> > benefit the common gene pool.
>> Adam Smith knew nothing about a gene pool.
>> This may be a reason that altruism developed, but
>> it also may have developed because it helped a
>> small band of people, and thus the altruistic
>> individual, stay alive as well.
> True; I like your telling of it better than my own
> original posting. Adam Smith, though, may have
> read Darwin's
work, since it caused such a stir.
> Weren't the two contemporaries? I don't recall if
> they were or not.
Adam Smith was a century before Darwin.
>> Be that as it may, morality derived from
>> altruism has become a social phenomena that is
>> taught to most members of society, and is seen as
>> a good in its own right.
> That is correct; we have all worked to get others
> to be altruistic toward us and the causes we
> individually care for.
That's not what i was saying.
-- doug f
>> -- doug f
> Thanks for your thoughts and contributions on
> these topics and on the self interest ontology;
> please continue debating it, and modeling it, so
> we can make progress in getting a small scale
> working model that may be the foundation for
> future continued research and development.
> Have you noticed that Isaac Asimov's three laws of
> robotics are designed to force robots to perform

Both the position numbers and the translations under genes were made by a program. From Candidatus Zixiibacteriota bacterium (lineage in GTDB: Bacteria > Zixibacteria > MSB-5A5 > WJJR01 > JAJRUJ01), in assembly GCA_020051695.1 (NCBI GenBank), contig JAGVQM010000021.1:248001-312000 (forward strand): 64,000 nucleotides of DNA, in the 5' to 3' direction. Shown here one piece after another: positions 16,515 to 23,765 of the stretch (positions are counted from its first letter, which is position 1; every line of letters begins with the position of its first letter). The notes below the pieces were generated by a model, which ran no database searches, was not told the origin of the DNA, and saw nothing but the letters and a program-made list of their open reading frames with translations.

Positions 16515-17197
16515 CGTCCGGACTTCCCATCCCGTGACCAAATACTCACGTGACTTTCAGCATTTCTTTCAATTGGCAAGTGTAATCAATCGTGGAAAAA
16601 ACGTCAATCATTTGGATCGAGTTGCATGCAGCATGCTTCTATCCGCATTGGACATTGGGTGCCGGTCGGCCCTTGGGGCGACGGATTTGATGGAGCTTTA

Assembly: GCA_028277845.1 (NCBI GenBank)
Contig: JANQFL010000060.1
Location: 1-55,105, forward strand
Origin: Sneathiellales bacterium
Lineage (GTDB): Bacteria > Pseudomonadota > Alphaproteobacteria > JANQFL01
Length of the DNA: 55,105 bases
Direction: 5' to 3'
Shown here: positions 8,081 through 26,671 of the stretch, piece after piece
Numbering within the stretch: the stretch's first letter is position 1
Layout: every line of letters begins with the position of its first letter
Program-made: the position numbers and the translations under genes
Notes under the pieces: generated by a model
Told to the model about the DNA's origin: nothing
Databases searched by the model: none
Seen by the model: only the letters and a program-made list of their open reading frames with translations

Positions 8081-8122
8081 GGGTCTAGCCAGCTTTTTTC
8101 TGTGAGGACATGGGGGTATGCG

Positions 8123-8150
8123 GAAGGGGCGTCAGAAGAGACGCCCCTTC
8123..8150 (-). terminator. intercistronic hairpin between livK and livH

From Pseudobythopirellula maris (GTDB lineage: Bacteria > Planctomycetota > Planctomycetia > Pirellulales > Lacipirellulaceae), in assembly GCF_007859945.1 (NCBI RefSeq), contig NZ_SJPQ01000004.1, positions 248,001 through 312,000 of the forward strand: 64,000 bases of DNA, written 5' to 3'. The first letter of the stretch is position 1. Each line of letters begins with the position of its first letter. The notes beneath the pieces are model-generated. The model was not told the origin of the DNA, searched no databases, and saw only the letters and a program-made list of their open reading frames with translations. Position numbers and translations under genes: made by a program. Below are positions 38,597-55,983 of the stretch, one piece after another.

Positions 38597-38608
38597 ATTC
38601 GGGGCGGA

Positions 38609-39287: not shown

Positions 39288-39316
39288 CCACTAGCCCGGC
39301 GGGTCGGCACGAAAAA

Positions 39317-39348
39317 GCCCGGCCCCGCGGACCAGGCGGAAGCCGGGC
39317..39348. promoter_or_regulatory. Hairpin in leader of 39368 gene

> in OUR self interest, not the robots'?
With "us" being humankind, not one specific person.
Altruism was coded into the positronic brains, thus
it was in the self interest of a robot to protect people
and to obey their orders (so long as people were not
harmed). FWIW, Rule 3 is for a robot to perform in
its own interest, which would be purely it's self-interest.
As a matter of fact, in one of his last stories, a Rule 0
was added, which had priority over Rule 1. That was that
a robot must take an action necessary to prevent the
extinction of humankind. Rule 1 became subservient to it:
A robot may not take an action that causes a person to come
to harm or through inaction allow a person to come to harm
unless such action violate Rule 0.
> If we are
> ever to really implement AI, it will require a lot
> of rework, IMHO, to our view of how the robots'
> self interests are best served.
> > Remember that all humans share more than
> > % of our genes, even 97% with
> chimpanzees and
> > bonobos, so I think the altruistic model
> as common
> > self interest works. That is why I
> > it into Use Case 1. At the bacterial
> level, there
> > is minimal conversation, but messages
> > signs, as JFS points out) are simplest
> at that
> > level, and we can build on top of that
> once we
> > have an ontological vocabulary for doing